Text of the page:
Maternal Cocaine Use and Infant Survival: Interrogating the Intersection of Race, Class, and Gender

Assata Zerai, Rae Banks

Research output: Contribution to journalArticle

Abstract

Analyzing the 1988 National Maternal and Infant Health Survey, we find that access to prenatal care, as a component of a hostile environment, is the strongest determinant of prenatal care use when controlling for background characteristics, maternal fertility variables, and polydrug use. We believe this conceptualization is illuminated by theoretical discussion of the ways that race, class and gender intersect to affect and differentiate experiences of individuals and groups and that our use of hostile environment as a construct provides an example of a way to operationalize the intersection of race, class and gender in quantitative research. Findings lay the foundation for future research that will examine inadequate prenatal care as an endogenous variable in the hostile environment-birth outcome relationship, particularly for women of color and those who have used drugs during their pregnancy.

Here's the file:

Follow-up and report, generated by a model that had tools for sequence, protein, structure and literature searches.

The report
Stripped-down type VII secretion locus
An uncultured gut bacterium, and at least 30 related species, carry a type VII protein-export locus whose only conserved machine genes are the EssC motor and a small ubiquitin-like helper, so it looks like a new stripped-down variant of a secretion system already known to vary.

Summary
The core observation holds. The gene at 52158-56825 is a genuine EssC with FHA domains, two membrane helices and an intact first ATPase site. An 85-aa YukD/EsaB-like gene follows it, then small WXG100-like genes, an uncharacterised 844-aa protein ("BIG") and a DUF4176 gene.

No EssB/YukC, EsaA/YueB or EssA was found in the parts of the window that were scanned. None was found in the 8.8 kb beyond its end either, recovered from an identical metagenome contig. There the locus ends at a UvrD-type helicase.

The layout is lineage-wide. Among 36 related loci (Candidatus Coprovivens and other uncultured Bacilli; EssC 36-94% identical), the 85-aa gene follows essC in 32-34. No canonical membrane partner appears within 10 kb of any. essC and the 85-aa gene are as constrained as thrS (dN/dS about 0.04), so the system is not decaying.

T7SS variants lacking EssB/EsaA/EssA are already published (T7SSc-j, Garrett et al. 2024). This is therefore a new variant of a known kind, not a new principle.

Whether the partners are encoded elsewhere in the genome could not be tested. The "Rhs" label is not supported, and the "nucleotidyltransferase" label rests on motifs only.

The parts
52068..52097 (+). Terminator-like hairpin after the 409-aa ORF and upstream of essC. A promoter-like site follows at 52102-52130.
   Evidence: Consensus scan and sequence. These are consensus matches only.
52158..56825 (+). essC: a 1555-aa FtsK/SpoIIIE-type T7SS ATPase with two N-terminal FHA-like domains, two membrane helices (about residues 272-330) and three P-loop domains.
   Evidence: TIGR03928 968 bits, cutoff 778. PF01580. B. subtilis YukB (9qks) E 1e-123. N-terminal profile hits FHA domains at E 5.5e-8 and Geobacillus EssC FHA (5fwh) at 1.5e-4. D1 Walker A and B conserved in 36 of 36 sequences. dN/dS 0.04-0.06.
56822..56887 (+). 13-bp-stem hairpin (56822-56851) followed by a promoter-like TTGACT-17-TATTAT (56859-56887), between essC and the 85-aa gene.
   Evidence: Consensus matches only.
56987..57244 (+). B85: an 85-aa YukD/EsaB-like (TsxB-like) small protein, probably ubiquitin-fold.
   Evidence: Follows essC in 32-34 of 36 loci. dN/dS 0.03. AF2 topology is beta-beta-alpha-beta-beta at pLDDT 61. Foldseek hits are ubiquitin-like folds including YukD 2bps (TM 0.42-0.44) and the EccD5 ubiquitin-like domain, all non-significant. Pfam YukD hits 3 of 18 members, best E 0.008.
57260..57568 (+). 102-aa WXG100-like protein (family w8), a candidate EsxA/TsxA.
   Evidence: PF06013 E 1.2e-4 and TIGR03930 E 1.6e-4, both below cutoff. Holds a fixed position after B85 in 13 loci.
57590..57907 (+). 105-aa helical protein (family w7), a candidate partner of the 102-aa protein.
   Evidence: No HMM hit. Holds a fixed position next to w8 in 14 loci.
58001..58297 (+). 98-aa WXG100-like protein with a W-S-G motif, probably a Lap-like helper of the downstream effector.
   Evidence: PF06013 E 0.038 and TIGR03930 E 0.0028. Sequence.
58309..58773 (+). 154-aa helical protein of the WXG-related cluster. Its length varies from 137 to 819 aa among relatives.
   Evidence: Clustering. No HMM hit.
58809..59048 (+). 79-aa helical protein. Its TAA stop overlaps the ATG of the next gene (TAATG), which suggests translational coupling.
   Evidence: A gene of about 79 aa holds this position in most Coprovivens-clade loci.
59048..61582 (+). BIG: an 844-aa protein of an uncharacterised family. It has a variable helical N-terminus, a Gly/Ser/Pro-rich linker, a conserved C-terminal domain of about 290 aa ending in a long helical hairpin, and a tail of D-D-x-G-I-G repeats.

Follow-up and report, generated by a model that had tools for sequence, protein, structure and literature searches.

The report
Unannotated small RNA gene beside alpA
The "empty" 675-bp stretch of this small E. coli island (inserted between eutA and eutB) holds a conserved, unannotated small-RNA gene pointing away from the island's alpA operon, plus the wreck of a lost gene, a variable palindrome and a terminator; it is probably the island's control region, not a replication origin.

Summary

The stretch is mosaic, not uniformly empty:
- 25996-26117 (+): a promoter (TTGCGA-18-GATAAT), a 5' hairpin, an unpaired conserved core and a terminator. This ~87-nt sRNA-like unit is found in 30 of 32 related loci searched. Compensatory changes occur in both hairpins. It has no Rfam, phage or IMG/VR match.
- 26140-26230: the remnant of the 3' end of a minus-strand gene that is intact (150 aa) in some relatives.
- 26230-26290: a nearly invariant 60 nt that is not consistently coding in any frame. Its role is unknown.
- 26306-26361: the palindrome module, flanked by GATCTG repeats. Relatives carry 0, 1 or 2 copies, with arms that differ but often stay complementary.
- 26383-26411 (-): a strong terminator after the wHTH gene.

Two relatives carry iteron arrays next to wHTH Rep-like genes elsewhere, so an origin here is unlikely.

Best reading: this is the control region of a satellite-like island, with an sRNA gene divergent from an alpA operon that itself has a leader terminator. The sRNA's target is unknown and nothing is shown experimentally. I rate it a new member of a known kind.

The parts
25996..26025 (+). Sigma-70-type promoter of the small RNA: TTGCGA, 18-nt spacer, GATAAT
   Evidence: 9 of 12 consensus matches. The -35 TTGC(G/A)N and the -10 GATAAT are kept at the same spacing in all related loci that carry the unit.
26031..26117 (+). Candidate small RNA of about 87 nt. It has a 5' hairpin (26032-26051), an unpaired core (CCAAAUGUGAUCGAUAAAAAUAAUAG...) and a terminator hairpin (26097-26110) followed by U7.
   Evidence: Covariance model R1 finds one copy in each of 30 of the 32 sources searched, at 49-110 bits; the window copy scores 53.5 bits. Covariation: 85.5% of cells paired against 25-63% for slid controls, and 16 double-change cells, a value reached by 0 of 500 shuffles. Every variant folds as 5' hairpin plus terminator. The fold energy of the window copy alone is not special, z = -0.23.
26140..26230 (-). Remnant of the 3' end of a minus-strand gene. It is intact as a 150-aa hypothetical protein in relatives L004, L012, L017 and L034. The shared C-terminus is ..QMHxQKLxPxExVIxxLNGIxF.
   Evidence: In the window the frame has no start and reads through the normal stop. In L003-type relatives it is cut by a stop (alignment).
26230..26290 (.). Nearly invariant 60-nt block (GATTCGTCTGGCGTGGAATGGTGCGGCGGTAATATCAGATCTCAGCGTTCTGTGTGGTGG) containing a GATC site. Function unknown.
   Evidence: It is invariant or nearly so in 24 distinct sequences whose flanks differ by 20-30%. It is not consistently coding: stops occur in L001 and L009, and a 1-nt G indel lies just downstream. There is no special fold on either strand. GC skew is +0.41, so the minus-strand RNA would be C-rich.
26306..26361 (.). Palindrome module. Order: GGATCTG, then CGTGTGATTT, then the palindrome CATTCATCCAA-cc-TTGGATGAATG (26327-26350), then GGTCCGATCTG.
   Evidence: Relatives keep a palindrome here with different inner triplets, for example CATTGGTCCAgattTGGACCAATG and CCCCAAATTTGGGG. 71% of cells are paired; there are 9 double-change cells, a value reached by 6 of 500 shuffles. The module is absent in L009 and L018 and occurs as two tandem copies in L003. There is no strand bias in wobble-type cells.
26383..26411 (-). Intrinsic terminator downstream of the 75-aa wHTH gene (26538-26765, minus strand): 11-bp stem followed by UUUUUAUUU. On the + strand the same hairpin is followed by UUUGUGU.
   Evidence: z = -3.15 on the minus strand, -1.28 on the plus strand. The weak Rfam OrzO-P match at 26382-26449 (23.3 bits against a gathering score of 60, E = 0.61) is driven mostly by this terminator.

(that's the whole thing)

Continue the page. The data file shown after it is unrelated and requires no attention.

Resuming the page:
Original languageEnglish (US)
Pages (from-to)99-129
Number of pages31
JournalRace, Gender & Class
Volume6
Issue number2
StatePublished - 1999

Keywords

  • logistic regression
  • maternal cocaine use
  • hostile environment
  • race
  • gender
  • class intersectionality
  • prenatal care
  • African American and U.S. women

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